Love is not always butterflies
Jazz trio explores every side of the emotion in their new release
The Subject Tonight Is Love
Kate McGarry, Keith Ganz, Gary Versace
Feb. 2, 2018
Vaguely, something rings. The sound fades in and out. A piano starts up with the heavy kind of tune reminiscent of a rainy documentary montage. “I know,” says a voice, like a dystopian intercom, “of no better topic for us to discuss / Until we all die.”
Thus begins The Subject Tonight Is Love, the title track of the first-ever trio album from musicians Kate McGarry, Keith Ganz, and Gary Versace. The voice, quoting Persian poet Hafiz, is McGarry’s, and only in the album’s first song does it sound oddly post-apocalyptic. Beyond that, McGarry’s voice dips and soars like Regina Spektor’s does, carving different shapes from a concrete substance: love.
According to McGarry, this record is “a jazz love letter to a hopeful 2018.” Knowing that, I expect The Subject Tonight Is Love to be predominantly cheerful, but I am pleasantly surprised. McGarry and her fellows have a mature understanding of love — their songs encapsulate all shades of the feeling.
Each piece has its own personality, supported by the talent of the trio. The work of keyboardist Versace fits seamlessly underneath Ganz’s string melodies: the trio’s take onthe jazz standard “My Funny Valentine” is a desolate one, and the instrumentalists set the scene in an appropriately solemn way. Conversely, to form the unworried air of “Mr Sparkle / What A Difference A Day Made,” Versace sets the piano aside in favor of the lighter, jauntier accordion.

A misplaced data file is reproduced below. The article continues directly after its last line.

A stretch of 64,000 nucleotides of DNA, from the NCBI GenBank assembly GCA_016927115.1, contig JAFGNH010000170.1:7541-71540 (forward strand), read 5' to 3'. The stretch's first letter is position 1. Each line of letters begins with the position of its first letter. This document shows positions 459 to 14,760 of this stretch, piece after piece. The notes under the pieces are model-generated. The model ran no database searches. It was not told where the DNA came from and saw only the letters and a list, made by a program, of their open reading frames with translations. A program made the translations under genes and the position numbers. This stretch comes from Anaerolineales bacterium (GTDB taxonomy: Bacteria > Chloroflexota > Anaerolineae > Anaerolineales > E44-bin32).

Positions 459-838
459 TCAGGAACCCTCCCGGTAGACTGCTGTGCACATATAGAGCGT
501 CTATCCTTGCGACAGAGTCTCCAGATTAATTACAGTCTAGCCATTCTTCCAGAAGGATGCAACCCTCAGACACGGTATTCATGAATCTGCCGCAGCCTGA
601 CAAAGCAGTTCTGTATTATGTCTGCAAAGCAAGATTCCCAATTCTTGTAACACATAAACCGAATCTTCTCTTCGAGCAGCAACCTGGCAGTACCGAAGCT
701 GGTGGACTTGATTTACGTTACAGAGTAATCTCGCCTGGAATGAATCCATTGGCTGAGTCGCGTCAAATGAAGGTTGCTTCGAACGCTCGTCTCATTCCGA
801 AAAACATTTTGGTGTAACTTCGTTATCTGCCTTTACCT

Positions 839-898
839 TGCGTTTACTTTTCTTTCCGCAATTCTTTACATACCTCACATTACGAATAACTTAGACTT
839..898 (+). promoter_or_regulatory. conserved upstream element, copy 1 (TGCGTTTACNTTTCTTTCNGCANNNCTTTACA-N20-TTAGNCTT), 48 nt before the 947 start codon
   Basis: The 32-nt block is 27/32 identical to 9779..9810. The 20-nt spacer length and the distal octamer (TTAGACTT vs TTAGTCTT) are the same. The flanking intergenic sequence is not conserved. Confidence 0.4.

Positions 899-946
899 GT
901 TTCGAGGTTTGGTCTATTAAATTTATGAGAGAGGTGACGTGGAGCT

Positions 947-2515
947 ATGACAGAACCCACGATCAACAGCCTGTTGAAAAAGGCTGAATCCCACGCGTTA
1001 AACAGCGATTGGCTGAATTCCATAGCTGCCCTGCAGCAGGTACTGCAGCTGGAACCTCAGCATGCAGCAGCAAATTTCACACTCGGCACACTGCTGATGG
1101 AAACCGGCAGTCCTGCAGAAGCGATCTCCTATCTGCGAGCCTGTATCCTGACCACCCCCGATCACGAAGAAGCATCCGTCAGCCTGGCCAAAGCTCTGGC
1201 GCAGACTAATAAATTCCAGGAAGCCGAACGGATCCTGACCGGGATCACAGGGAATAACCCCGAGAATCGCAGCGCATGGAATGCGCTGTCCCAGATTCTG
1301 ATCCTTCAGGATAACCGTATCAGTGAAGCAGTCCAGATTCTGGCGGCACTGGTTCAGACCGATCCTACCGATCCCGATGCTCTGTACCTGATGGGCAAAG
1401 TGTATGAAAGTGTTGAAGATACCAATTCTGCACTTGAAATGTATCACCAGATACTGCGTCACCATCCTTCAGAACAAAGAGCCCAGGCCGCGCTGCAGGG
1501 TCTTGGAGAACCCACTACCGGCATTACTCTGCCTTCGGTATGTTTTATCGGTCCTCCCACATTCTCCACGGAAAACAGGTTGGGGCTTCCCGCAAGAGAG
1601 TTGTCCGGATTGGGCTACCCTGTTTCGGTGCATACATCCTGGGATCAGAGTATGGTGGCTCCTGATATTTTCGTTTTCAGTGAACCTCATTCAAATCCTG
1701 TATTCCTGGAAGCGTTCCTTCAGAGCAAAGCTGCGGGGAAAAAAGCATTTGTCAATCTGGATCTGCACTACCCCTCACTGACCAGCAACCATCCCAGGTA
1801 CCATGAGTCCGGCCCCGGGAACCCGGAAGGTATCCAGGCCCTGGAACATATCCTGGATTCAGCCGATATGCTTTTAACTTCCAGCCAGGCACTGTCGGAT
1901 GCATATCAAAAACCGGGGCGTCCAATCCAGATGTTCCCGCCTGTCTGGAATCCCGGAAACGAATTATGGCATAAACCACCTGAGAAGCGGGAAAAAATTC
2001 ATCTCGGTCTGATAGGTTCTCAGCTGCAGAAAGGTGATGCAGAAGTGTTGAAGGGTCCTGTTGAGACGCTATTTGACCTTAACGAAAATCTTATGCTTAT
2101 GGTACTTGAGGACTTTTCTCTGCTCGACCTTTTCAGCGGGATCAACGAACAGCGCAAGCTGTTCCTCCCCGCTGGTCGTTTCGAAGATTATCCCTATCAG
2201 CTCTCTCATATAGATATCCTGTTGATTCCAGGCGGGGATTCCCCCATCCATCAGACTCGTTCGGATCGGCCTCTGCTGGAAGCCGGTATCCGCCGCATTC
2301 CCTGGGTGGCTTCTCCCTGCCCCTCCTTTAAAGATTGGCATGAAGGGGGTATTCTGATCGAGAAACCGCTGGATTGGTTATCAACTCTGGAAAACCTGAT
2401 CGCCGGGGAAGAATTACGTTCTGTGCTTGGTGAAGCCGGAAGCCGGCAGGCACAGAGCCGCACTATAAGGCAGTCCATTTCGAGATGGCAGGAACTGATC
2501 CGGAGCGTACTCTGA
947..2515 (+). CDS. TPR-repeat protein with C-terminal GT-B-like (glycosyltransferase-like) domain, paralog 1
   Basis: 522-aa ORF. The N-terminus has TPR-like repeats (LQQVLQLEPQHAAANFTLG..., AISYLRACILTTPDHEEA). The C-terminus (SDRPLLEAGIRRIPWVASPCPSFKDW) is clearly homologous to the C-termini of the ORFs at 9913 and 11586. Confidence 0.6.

Ganz and Versace play their parts softly, in a way that makes more populated music seem harsh. But while they are masters at constructing moods, McGarry is a master at living in them. Throughout the album, her voice embodies many types of love. It fills with warning in the unapologetically alcoholic “Climb Down / Whiskey You’re The Devil”; it throws out some whimsical improvisation — and an ending “whoosh” — for a song called “Gone With The Wind.” My favorite song on the record is “Losing Strategy,” a beautifully developed track with the lyric “I thought now it’s your turn to cry / The thing I most loved I just watched die.”
So McGarry’s “jazz love letter” is far from one-dimensional, but it is hopeful. Her trio seems to say, look, there are many types of love that we can sing and play and talk about: nostalgic love, young love, unconditional love, love like the atmosphere of a front porch felt in the track “Indian Summer.” Some types are good, some types are dangerous, and some types are both. They’re all love. And it’s important not to forget about that feeling.